Keeping the child care environment clean is one of the best ways to help ensure that children stay healthy. Dirty toys, bedding, linens, eating utensils, and surfaces can carry and spread germs. Regular disinfecting should be a part of the routine in a child care setting.
Getting things clean and reducing the spread of germs requires two different steps:
Washing the item, using soap and water. Be sure to rinse thoroughly.
Disinfecting the item. Cleaning removes dirt but does not kill all germs. To be sure germs are gone, you must disinfect them as well. The most common ways of disinfecting are as follows:
- You can disinfect with a bleach and water solution. A solution of regular household bleach and water is an inexpensive and easy way to disinfect surfaces and objects in child care programs. The amount of bleach and water to use depends on the concentration of the bleach you choose. See Disinfect Child Care Surfaces with a Bleach and Water Solution for specific instructions on using bleach and water to disinfect.
- You can use your dishwasher. Durable plastic toys can be washed in the dishwasher. High water pressure and temperatures do a great job of removing germs.
- You can use your washing machine. Wash cloth toys, linens, and bedding in the washing machine. Add one-half cup of chlorine bleach to the wash cycle when washing colorfast material; for non-colorfast material, add one-half cup of non-chlorinated bleach.
Remember that disinfecting is included in most states' child care licensing regulations. Different states have different rules about disinfecting solutions, water temperatures, and the use of dishwashers. Check your state child care licensing regulations to learn more.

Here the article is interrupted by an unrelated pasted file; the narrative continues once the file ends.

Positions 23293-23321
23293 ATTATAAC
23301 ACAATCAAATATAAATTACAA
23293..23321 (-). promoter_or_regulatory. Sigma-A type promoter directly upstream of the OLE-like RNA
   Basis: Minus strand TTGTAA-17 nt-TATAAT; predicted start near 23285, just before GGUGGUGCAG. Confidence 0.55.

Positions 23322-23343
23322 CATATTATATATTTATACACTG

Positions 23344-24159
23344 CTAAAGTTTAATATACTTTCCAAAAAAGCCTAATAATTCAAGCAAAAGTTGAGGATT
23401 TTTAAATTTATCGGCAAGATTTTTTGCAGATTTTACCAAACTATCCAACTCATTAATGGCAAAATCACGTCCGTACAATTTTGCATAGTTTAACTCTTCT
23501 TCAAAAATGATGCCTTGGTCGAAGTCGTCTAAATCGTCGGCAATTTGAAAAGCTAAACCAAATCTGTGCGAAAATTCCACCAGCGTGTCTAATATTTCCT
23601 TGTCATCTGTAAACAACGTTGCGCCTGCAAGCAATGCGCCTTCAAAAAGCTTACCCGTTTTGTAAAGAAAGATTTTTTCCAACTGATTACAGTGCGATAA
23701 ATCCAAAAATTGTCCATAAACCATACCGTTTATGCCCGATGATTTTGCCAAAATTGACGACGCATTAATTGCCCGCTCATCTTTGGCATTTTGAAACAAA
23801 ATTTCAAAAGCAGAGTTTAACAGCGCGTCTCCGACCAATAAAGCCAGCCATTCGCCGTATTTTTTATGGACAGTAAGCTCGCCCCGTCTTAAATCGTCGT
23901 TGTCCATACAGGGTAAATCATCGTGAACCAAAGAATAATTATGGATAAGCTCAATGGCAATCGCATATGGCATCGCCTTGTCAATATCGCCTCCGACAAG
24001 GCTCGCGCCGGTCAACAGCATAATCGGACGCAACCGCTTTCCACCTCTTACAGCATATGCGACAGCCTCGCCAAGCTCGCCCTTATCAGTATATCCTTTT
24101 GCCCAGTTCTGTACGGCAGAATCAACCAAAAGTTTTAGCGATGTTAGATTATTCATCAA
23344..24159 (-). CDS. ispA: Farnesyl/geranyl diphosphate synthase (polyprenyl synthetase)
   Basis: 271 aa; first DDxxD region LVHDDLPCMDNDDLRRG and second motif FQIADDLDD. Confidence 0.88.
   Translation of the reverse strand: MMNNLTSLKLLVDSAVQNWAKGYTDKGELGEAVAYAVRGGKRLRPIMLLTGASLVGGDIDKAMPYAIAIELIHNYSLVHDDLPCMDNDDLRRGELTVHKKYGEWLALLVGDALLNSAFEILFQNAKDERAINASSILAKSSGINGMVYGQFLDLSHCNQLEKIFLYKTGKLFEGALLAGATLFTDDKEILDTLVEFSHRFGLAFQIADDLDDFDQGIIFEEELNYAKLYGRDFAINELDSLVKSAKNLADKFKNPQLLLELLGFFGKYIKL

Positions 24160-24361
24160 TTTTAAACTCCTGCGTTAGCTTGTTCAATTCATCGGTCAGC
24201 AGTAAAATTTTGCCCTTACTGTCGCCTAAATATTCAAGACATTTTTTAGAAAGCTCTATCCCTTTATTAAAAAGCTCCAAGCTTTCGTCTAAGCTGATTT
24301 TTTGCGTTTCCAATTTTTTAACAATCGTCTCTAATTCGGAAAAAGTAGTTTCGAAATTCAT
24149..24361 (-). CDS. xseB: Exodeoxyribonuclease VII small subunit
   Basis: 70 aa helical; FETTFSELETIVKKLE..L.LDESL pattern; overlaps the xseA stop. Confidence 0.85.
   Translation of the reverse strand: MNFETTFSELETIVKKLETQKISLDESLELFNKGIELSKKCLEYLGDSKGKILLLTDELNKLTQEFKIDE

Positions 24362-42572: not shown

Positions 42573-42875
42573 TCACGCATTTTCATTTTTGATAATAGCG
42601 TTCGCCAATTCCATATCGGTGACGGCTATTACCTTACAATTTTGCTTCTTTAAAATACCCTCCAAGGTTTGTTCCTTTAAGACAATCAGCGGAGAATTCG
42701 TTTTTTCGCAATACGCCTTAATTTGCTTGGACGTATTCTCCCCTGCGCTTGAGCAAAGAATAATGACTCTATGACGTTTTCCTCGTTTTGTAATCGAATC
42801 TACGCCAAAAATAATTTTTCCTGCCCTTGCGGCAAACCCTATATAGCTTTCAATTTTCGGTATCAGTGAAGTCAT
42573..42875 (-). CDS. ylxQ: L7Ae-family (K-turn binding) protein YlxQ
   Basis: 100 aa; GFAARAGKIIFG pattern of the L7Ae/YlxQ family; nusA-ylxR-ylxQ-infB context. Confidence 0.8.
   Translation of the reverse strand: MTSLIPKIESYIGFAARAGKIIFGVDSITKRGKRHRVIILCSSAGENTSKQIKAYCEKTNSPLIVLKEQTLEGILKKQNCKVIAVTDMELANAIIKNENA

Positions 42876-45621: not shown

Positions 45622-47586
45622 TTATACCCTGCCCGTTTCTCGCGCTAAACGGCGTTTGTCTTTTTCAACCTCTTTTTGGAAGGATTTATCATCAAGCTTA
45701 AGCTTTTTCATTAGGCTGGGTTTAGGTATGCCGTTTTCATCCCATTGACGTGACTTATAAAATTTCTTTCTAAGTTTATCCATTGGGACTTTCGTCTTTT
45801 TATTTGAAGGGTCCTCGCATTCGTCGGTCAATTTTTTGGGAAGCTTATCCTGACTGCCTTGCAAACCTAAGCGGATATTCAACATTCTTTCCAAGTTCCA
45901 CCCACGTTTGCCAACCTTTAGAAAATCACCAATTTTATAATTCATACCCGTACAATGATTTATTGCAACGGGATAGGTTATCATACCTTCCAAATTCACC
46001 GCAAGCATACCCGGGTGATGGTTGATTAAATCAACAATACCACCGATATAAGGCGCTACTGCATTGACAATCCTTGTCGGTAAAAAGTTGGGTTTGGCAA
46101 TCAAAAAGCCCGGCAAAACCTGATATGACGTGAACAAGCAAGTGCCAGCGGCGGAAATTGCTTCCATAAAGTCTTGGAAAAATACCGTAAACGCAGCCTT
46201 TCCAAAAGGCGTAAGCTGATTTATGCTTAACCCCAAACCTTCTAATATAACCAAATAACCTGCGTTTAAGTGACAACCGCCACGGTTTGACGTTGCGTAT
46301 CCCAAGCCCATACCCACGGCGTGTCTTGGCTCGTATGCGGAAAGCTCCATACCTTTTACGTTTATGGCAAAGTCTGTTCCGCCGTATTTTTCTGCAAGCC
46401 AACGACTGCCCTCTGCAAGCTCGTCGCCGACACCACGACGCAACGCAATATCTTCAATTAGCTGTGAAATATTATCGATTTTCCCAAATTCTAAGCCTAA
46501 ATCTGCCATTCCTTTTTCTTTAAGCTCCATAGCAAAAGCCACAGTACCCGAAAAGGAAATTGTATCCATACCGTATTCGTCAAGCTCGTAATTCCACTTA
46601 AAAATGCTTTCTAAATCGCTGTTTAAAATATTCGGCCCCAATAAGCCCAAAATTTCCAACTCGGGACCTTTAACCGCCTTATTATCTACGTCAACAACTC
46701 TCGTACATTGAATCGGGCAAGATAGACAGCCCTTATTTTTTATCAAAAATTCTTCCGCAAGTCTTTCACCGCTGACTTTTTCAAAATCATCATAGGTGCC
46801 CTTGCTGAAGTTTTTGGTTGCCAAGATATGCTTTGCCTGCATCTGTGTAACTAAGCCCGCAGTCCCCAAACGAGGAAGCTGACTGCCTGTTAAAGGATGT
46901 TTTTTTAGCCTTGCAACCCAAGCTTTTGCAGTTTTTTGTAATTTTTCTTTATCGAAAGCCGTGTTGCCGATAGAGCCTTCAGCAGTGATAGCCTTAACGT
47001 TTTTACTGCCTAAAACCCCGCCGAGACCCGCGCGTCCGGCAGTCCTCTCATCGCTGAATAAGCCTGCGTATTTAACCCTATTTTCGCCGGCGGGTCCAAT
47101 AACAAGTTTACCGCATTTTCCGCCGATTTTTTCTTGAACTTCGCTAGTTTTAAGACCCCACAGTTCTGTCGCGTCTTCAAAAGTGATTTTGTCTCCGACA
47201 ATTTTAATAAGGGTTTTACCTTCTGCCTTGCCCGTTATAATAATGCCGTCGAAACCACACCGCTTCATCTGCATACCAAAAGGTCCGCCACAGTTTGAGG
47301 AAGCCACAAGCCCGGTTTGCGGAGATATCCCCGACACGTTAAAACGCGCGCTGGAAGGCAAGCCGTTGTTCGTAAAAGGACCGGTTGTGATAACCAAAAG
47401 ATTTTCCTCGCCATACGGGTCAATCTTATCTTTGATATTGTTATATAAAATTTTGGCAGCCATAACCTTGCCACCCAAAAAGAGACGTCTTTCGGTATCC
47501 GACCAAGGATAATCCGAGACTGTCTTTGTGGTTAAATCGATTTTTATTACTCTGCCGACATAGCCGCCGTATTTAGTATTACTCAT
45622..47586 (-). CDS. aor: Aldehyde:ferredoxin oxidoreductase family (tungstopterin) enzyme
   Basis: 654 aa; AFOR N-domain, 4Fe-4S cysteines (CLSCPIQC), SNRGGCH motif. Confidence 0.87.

Be Cautious about Using Commercial Disinfectants
Not all cleaning chemicals are safe and appropriate for use in a group child care setting. Here are some cautions to be aware of:
- Products that meet the Environmental Protection Agency’s (EPA) standards for “hospital grade” germicides (solutions that kill germs) often are promoted for use in child care. But many of these products are dangerous and potentially even toxic to children. It is important to read product labels carefully.
Do not use cleaning products that carry a DANGER or a CORROSIVE label warning in your child care program. Be cautious about commercial or industrial products that advertise themselves as “disinfectants,” having “germicidal action,” or being able to “kill germs.” Often these products carry a warning label on the front of the container because they are toxic.
- Before using anything other than a bleach and water solution for disinfecting, check with your child care nurse consultant or licensing agency to make sure it's acceptable for use in child care. If you do decide to use an EPA-approved industrial product as a sanitizer, carefully read the label and always follow the manufacturer’s instructions exactly.
For More Information
To learn more about keeping the child care environment clean and safe, take a look at the following eXtension Alliance for Better Child Care articles:
Photo by anneh632 / CC BY http://creativecommons.org/licenses/by/2.0/